Iconic AUA Graffiti Stairwell Whitewashed
A piece of history has disappeared from Calgary’s art and design university after a coat of whitewash erased years’ worth of artwork in the institution’s iconic graffiti stairwell.
For years, students of the Alberta University of the Arts (AUA), formerly the Alberta College of Art and Design (ACAD), have been creating layers upon layers of art on the walls of the stairwell.
“It’s an on-campus space that has been set aside for students to express their creativity,” said Marion Garden, the director of marketing and communications at AUA.
“It’s been in existence for decades, and is a beloved tradition for students.”
In late February, the entire stairwell was coated in a layer of white paint for a reason that remains unknown — completely covering all of the existing art.
There have been rumours floating around as to who whitewashed the stairwell, but the identity of the person is yet to be confirmed.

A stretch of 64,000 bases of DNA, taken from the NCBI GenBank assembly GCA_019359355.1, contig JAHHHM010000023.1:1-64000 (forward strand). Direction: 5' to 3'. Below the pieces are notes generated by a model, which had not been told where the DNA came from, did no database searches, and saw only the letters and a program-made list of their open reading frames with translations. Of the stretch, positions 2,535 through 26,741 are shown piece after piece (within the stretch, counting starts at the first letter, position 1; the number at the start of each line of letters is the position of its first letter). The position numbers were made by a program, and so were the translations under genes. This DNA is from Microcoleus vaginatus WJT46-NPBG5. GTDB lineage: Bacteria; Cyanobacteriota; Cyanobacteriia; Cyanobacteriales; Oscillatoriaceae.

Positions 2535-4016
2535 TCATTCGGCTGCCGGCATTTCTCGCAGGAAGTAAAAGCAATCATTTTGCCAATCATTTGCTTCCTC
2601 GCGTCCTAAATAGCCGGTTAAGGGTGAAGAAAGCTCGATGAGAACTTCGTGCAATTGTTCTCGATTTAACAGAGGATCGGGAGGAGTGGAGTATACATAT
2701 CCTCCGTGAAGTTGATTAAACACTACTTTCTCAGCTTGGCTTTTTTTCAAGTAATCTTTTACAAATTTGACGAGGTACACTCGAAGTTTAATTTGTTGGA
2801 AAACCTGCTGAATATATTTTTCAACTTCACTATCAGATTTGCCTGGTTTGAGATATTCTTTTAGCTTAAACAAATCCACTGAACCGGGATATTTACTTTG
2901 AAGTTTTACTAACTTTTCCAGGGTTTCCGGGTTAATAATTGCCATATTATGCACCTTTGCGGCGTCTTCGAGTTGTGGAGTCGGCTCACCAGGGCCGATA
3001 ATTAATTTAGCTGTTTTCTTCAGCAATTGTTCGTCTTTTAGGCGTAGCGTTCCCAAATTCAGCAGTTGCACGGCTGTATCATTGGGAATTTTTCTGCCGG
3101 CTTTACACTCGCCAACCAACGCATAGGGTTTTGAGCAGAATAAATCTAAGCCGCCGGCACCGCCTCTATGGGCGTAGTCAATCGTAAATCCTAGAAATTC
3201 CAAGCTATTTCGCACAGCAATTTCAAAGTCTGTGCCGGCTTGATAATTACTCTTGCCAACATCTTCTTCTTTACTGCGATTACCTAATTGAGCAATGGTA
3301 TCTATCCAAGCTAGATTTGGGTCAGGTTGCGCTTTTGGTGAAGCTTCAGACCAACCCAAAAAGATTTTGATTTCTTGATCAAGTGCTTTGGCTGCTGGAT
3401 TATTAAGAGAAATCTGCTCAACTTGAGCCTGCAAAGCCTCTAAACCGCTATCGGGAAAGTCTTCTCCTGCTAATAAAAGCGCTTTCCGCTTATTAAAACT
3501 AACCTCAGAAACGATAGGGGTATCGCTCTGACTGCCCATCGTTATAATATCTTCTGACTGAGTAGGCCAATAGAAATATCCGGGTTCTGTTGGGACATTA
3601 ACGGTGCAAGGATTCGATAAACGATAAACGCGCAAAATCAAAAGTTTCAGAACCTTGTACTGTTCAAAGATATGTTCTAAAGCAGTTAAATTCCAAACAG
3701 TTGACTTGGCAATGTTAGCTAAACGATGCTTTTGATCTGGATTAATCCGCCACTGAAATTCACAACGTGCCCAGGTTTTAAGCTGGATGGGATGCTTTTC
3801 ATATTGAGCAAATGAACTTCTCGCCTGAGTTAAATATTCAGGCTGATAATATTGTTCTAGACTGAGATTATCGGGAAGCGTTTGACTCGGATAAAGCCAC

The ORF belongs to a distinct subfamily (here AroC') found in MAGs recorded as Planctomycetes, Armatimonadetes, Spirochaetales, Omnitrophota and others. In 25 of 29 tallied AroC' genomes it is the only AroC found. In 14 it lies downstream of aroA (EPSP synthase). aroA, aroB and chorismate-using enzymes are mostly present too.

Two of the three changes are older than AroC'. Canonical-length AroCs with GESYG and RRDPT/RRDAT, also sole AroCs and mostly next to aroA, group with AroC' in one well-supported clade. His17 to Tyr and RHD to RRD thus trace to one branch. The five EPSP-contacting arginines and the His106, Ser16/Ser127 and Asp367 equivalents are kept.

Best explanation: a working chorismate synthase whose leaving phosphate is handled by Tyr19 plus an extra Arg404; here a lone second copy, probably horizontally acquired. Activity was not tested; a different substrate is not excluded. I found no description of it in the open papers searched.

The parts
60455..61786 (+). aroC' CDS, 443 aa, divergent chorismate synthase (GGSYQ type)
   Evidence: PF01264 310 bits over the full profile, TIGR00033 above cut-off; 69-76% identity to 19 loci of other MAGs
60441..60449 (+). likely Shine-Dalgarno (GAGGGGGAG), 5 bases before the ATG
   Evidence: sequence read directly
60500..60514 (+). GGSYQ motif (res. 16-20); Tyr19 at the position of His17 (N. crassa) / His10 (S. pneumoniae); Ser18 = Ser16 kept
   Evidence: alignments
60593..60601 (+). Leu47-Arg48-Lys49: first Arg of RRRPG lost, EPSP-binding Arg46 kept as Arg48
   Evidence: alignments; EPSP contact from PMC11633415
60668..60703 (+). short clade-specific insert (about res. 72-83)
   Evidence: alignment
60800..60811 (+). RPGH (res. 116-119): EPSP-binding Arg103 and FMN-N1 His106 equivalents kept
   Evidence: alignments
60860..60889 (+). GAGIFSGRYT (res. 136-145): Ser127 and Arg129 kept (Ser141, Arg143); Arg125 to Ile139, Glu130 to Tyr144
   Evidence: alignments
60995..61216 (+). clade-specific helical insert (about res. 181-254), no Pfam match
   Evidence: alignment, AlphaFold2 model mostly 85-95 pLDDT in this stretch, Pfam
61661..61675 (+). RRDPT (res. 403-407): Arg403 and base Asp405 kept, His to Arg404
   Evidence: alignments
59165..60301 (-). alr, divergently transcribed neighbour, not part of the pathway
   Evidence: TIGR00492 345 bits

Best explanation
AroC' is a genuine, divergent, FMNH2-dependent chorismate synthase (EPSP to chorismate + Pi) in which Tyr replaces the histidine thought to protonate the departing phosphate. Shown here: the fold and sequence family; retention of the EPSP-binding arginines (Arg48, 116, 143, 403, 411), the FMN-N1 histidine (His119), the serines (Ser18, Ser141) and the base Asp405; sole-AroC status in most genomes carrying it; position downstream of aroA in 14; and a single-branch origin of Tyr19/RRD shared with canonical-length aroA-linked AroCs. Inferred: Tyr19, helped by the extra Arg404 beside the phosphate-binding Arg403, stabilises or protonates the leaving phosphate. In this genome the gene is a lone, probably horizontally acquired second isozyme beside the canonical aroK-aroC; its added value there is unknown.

“I was a bit sad about it being covered up,” AUA student Sabrina Shamsudeen said.
“I used certain paintings to indicate which floor I was on.
“Now that they’re not there, I find myself going one more floor past the one I wanted.”
There are no rules for how long work is displayed for in the stairwell, or who can cover it with their own, but it is meant only for AUA student use and is not open to the public.
“I would have been on board with it if they had done a better paint job,” Shamsudeen said.
“One coat of paint isn’t enough – it just looked gross.”
As of mid-March, students have started putting new artwork on top of the, now, “blank canvas.”
“Our university community supports the impermanence of the stairwell. The space is in a state of flux and is constantly changing,” Garden said.
“Every student artist who makes the personal decision to do work in this space understands their effort will be covered up by another artist with a new vision.”
Many students posted their reactions to the event on the “ACAD Anonymous” Facebook page.
One student submitted a post voicing their disappointment towards now being unable to take graduation pictures in the stairwell, and said that the disappointment they hear from some AUA instructors in regards to the stairwell being whitewashed is “huge.”
“I’ve never contributed,” AUA student Kat Evangelista said.
“But I know a lot of other people really like it.”